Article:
Pastor: City Hall Statements Show 'Intent' To Oppress Immigrants And Those Who Help Them | Connecticut Public Radio

Pastor: City Hall Statements Show 'Intent' To Oppress Immigrants And Those Who Help Them

Jun 26, 2017
Originally published on June 27, 2017 9:18 am

The building code commissioner for Springfield, Mass., has sent a warning letter to a church that plans to become a sanctuary for immigrants facing deportation.

Mayor Domenic Sarno earlier this week directed city departments to look for potential violations if South Congregational Church ends up housing immigrants who are undocumented.

On Tuesday, the building code commissioner met with the Reverend Tom Gerstenlauer to talk about the many building and zoning codes that would apply to the church. That list was spelled out in a letter sent Friday.

South Congregational Church Building Code Letter by New England Public Radio on Scribd

While the letter itself focused on the regulations, an accompanying statement from the mayor's office signaled his focus on a larger issue. It said Sarno "remains steadfast against any type of sanctuary city status," referencing communities where police refuse to enforce federal immigration law.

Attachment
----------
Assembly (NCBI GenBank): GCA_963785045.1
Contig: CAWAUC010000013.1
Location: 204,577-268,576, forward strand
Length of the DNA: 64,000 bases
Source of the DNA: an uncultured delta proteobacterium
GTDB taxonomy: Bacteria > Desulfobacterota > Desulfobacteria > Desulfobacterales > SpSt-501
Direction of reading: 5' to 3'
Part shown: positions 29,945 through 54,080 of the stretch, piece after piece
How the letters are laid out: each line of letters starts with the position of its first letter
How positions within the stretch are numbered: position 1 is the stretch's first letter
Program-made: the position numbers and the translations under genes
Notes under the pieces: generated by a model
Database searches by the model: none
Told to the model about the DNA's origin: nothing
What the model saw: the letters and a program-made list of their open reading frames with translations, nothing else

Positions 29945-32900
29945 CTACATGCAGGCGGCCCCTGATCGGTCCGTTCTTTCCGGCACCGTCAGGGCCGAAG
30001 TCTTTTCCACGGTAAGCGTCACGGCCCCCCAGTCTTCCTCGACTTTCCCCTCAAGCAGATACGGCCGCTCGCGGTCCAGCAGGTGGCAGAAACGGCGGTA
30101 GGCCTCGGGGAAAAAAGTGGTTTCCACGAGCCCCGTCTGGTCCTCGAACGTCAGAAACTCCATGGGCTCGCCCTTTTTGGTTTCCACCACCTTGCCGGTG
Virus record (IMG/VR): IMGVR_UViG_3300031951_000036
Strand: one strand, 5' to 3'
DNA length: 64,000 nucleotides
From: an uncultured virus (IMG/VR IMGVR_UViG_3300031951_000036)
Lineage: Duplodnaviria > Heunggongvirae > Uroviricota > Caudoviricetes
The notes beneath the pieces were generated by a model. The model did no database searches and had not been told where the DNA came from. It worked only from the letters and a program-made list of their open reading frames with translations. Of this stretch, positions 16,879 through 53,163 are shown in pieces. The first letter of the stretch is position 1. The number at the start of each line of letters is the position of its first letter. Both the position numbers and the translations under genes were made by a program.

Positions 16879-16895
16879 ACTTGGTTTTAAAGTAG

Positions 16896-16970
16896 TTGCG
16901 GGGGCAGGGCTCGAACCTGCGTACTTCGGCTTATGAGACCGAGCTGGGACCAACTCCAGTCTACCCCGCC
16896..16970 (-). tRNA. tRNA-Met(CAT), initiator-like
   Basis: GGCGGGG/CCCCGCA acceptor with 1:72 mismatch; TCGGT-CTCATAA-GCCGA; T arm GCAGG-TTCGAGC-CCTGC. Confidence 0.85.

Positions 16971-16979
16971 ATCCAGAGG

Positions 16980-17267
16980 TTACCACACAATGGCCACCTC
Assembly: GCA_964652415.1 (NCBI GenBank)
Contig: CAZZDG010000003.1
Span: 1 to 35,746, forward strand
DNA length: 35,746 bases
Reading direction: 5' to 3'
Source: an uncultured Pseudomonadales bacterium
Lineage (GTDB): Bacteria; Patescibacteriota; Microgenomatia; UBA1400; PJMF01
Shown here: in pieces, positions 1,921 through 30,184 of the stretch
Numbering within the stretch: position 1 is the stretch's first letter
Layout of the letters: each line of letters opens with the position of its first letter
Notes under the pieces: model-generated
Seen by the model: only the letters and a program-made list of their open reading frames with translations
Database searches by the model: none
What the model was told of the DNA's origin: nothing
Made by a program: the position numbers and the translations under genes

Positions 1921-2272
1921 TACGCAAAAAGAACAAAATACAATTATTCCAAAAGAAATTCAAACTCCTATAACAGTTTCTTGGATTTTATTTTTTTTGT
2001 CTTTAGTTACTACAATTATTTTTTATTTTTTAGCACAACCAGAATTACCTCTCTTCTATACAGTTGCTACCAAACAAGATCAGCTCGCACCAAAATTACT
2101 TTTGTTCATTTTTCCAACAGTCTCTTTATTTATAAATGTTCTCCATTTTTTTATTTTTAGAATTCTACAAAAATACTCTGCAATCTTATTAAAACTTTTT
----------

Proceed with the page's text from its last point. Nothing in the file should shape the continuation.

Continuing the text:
Gerstenlauer, in response, said the building code and zoning concerns have done nothing to change the church's intention to offer a sanctuary for immigrants.

But he said the letter -- along with Sarno's public statements -- are continuing proof of "the intent to exercise the system in an oppressive way, not only over identified undocumented immigrant populations that are woefully inaccurately described in those communications, but also extending to anyone who would offer them assistance and accompaniment."

Gerstenlauer said the mayor, the building commissioner and other city officials are welcome to attend a July 6 vigil to pray on these issues.

He said the church has not taken in any individuals or families yet, but preparations continue.

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